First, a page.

Agenda item


Report to follow


The Board was provided with an update on the impact on housing demand due to Covid 19.


It was explained that in the last briefing the impact COVID 19 had on homelessness demand was identified. It was highlighted that in 2020 between August and November an increase of 29% to 63% in homeless approaches on the previous year was experienced and this lead to inflated expenditure in the Find-Your-Own (FYO) rent deposit scheme where the highest spend at that time reached £118,000 in a single month.


It was advised that the envisaged continuation of the upward trend in homelessness approaches for the foreseeable future could lead to additional cost pressures due to the requirement for placement in temporary accommodation. There was also a risk to the current rate of prevention of homelessness and these numbers continued to follow that trend (see background papers *Homeless approaches in numbers Jan 22).


It was outlined that it was imperative to continue to develop the service and provide as many pathways to appropriate and suitable accommodation as possible. The position now, since the report was released, was that the homeless challenge had become even more acute; particularly for single people with complex needs. 


Furthermore, the main cause of homelessness in Havering were identified as family and friend exclusion. However, during the pandemic there were higher rates of exclusions of single people, now understood and categorised as the hidden homeless population. Households were evicting their adult children as they were no longer able to cope due to the extended time spent in the home as a result of the lockdown restrictions which heightened tensions and exacerbated mental health and substance misuse.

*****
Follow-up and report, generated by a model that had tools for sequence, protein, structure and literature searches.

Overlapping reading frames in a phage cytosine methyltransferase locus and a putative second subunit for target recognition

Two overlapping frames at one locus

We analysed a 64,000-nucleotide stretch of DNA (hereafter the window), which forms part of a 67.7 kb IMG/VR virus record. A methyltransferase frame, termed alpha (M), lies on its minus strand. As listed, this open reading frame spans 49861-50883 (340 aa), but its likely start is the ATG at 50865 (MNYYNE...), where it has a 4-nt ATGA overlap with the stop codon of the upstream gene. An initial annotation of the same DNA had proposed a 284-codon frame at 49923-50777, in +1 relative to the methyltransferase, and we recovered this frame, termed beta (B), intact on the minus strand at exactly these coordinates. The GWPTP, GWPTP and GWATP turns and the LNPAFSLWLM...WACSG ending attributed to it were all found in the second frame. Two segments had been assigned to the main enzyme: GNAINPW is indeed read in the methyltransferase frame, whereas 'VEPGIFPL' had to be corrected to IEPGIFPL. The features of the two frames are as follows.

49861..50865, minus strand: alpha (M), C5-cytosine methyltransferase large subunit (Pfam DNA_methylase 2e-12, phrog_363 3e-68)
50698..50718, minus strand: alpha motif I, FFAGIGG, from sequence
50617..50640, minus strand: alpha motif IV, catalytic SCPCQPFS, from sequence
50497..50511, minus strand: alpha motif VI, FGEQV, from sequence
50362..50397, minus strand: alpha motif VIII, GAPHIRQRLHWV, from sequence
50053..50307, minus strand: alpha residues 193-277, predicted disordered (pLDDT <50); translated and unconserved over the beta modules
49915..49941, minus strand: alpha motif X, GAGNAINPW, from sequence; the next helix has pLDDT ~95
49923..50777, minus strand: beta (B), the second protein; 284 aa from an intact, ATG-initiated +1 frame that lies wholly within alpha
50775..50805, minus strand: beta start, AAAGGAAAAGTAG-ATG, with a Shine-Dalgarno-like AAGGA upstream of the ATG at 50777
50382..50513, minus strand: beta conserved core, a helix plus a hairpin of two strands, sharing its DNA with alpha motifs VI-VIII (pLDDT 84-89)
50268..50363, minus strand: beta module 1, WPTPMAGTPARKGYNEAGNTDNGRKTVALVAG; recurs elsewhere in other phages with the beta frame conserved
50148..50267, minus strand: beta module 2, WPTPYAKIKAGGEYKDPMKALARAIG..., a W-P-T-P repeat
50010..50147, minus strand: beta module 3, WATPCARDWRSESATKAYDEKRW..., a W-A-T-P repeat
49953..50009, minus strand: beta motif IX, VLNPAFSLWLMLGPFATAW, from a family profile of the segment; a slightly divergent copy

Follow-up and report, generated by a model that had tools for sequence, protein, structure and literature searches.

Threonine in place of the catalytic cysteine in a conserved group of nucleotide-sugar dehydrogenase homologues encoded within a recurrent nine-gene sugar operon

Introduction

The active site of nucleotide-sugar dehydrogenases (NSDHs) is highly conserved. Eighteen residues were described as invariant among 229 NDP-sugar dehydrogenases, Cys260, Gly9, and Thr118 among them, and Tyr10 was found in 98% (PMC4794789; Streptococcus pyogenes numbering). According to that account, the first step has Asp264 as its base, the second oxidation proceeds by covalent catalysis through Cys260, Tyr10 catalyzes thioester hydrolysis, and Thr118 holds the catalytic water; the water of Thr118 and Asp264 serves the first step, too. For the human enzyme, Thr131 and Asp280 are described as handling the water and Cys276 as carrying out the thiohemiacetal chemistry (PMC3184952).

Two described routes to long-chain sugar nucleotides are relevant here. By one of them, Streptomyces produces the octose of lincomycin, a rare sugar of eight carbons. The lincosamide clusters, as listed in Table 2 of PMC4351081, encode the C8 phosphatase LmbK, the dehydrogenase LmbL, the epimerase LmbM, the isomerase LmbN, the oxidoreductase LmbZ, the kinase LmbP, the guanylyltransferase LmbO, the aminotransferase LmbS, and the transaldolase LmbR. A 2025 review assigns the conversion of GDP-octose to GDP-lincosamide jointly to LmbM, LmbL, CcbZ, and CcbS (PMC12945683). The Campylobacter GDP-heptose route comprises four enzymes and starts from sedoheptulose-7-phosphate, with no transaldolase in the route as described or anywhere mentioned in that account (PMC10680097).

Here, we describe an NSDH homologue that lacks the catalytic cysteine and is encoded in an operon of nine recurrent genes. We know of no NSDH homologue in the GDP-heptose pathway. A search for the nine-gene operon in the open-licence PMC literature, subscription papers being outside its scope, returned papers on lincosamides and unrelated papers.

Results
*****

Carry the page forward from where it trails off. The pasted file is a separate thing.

It was explained that the service continued to effectively address homelessness by supporting households to remain in their accommodation or find somewhere to live before they hit a crisis point and faced bailiff eviction. They were provided with financial support, debt advice or signposted to other statutory and voluntary agencies for assistance.


Data around domestic abuse suggested that the housing pressures on domestic abuse households in London have perhaps never been higher. The pressure increased as a result of COVID-19 where Table 2 and 3 (attached in background papers *Homeless approaches in numbers) highlighted 2020/21 domestic abuse approached over the last year with the trend in the previous year included for context.


Homeless approaches as a result of domestic abuse has risen from 77 in 2019/20 to 226 in 2020/21. That was a 194% increase on the previous year. Domestic abuse was the third highest cause of homelessness and pressure to deliver high quality casework had increased with MARAC referrals had increased.


Comments were made around the positive progress being made but there was a requirement for collaborative and collective bespoke support along with adequate funding from various partners.


It was also suggested that any of these discussions should be included in the refresh of the HWBB agenda in the summer 2022 and that the high impact of family homelessness should be a key focus and priority.


The Board noted the information on the Joint Strategic Needs Assessment (JSNA) of the homeless challenges.






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